Growing tomatoes is a rewarding, enjoyable way to spend the summer - until pests threaten to destroy your entire harvest, that is.
There are all kinds of critters that enjoy munching on ripe, juicy tomatoes just as much as you do. Fortunately, although these pests can be destructive, there are some easy ways you can eliminate them in the garden once and for all - and prevent them from coming back.
Here are the most common tomato plant pests, and the best tips on how to get rid of them.
Although succulents are fairly easy to grow, there are still several issues that occasionally bother succulent enthusiasts. These succulent issues are caused by inadequate care, pests, and diseases, but it’s usually quite tricky to identify the cause of the problem.
When you see your obviously unhealthy (or dying) succulent you probably ask yourself a bunch of questions. Did I overwater my succulent? Does it get enough sunlight? What’s wrong with my succulent?
In the text below, we will try to give you the answer to these and many other questions, and help you identify succulent problems depending on their look, but we will also try to give you a solution to these issues.
Here are the some of the common succulent issues and how to fix them.
Growing your own vegetables is one of the best ways to build healthy soil, feed your family, and get some exercise. Plus, growing fresh veggies is a ton of fun.
However, when you factor in all the work that it takes to grow a garden - from weeding to fertilizing, watering to pruning - it can be a lot of work. Add to that the fact that most vegetables also need to be replanted from seed or transplant every year, and the thought of growing your own vegetable garden is downright exhausting.
Luckily, there are several perennial vegetables you can plant to help cut down your labors. These vegetables come back year after year so you never have to worry about reseeding.
Vegetable gardening isn’t such a tough row to hoe once you understand that the nursery rhyme quote “some like it hot; some like it cold” applies to plants also. To take advantage of that fact, you will need to know the approximate dates of both your last spring frost and your first autumn frost. You can find that information by entering your zip code in an online frost dates calculator.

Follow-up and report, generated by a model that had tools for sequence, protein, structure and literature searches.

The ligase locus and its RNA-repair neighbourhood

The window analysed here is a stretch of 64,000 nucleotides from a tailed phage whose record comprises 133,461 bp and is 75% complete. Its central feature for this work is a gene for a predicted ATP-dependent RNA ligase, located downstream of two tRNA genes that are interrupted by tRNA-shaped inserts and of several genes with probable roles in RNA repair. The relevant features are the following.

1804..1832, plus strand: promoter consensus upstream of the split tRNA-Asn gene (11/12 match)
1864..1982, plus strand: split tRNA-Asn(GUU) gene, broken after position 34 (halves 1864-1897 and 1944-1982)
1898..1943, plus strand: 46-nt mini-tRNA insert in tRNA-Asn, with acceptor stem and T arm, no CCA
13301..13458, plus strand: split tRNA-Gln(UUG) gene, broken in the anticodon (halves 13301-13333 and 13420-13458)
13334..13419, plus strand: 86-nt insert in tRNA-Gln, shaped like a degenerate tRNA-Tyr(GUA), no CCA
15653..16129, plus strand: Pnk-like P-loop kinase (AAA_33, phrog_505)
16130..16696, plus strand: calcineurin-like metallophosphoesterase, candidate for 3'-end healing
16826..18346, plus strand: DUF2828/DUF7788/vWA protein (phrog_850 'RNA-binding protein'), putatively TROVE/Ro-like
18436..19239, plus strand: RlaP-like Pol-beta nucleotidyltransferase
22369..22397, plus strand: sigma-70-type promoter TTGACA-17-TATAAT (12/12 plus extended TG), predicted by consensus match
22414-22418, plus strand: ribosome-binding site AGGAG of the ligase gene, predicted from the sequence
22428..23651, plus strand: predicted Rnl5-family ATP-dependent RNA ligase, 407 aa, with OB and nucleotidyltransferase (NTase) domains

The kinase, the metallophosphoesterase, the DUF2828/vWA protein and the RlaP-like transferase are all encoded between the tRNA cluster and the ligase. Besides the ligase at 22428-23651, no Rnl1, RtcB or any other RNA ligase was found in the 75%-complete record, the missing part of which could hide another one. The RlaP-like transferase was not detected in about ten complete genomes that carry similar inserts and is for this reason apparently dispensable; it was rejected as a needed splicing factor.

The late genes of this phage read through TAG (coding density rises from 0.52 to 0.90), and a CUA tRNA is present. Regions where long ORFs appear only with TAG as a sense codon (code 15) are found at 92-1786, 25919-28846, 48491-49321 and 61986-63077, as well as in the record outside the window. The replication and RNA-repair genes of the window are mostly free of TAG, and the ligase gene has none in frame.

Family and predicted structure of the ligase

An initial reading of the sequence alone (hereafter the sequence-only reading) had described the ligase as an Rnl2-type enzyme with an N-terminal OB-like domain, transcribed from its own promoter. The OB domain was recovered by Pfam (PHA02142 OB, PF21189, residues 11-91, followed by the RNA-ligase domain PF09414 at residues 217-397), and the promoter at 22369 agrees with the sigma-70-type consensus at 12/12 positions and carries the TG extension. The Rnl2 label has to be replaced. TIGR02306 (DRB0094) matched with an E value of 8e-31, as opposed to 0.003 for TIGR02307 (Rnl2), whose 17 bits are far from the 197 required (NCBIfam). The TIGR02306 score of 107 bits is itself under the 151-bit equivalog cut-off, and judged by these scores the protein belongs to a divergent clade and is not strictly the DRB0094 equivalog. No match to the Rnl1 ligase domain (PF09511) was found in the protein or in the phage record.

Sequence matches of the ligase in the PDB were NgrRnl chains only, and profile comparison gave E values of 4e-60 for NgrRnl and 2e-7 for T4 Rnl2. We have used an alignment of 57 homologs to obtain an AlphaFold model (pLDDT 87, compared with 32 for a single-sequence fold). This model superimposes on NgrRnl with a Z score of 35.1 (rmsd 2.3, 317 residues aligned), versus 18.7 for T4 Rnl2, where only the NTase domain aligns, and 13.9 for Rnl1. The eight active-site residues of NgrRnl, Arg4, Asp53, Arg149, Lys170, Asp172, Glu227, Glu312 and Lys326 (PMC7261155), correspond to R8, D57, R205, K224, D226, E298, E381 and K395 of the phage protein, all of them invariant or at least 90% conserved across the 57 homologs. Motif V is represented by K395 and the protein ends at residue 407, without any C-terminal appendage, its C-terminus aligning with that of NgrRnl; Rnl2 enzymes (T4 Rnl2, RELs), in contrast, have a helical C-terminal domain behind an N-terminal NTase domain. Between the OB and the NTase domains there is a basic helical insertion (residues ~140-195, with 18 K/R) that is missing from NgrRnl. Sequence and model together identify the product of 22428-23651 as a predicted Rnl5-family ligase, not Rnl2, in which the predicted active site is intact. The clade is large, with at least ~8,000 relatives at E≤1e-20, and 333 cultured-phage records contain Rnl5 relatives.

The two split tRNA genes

Like your skiing and snowboarding friends, hardy vegetables are invigorated by chilly temperatures and may become sulky and lackadaisical during the hottest summer months. Tender types, on the other hand, can be compared to your sun-loving pals who enjoy basking on the beach for hours. They want all the heat they can get and won’t tolerate freezing temperatures. Some of them also take a long time to grow up!
Besides several perennial vegetables known worldwide, such as artichoke, rhubarb, and asparagus, this group of edible plants is fairly unknown to gardeners. Fortunately, perennial veggies are becoming more popular and widely available. Anyone who’d like to have an abundant, unusual garden full of different flavors should definitely try growing perennial vegetables.
Summers are a gardener’s dream because the most beautiful Dahlias bloom during this time, so naturally summer months are the best time for gardening enthusiasts! It's all like a perfect dream, when the warm sun is shining down on your plants, helping them bloom into beautiful fruits and flowers.
However, soon the pleasant sunlight can become scorching and uninvited pests can take over your beloved plants that you nurtured like a baby. These issues can be easily combatted if you pay close attention and pick up on some common signs that your soil might be unhealthy or pest infected. We have some pro-gardening tips that will help you keep your garden flourishing all summer long.
When you’re trying to cultivate a healthy, thriving garden, it’s essential that you familiarize yourself with the best tips for starting seeds indoors.
Why should you bother starting seeds inside? For starters, there are some plants, like eggplants, peppers, and many herbs, that require a long growing season. In order to ensure the healthy growth of these plants, you’re going to need to start them inside long before the last expected frost date.
Starting your own seeds indoors is also a great way to save money. Think of it this way - a packet of 500 seeds generally costs just a few dollars, while transplants will cost you the same amount (for just a few plants!).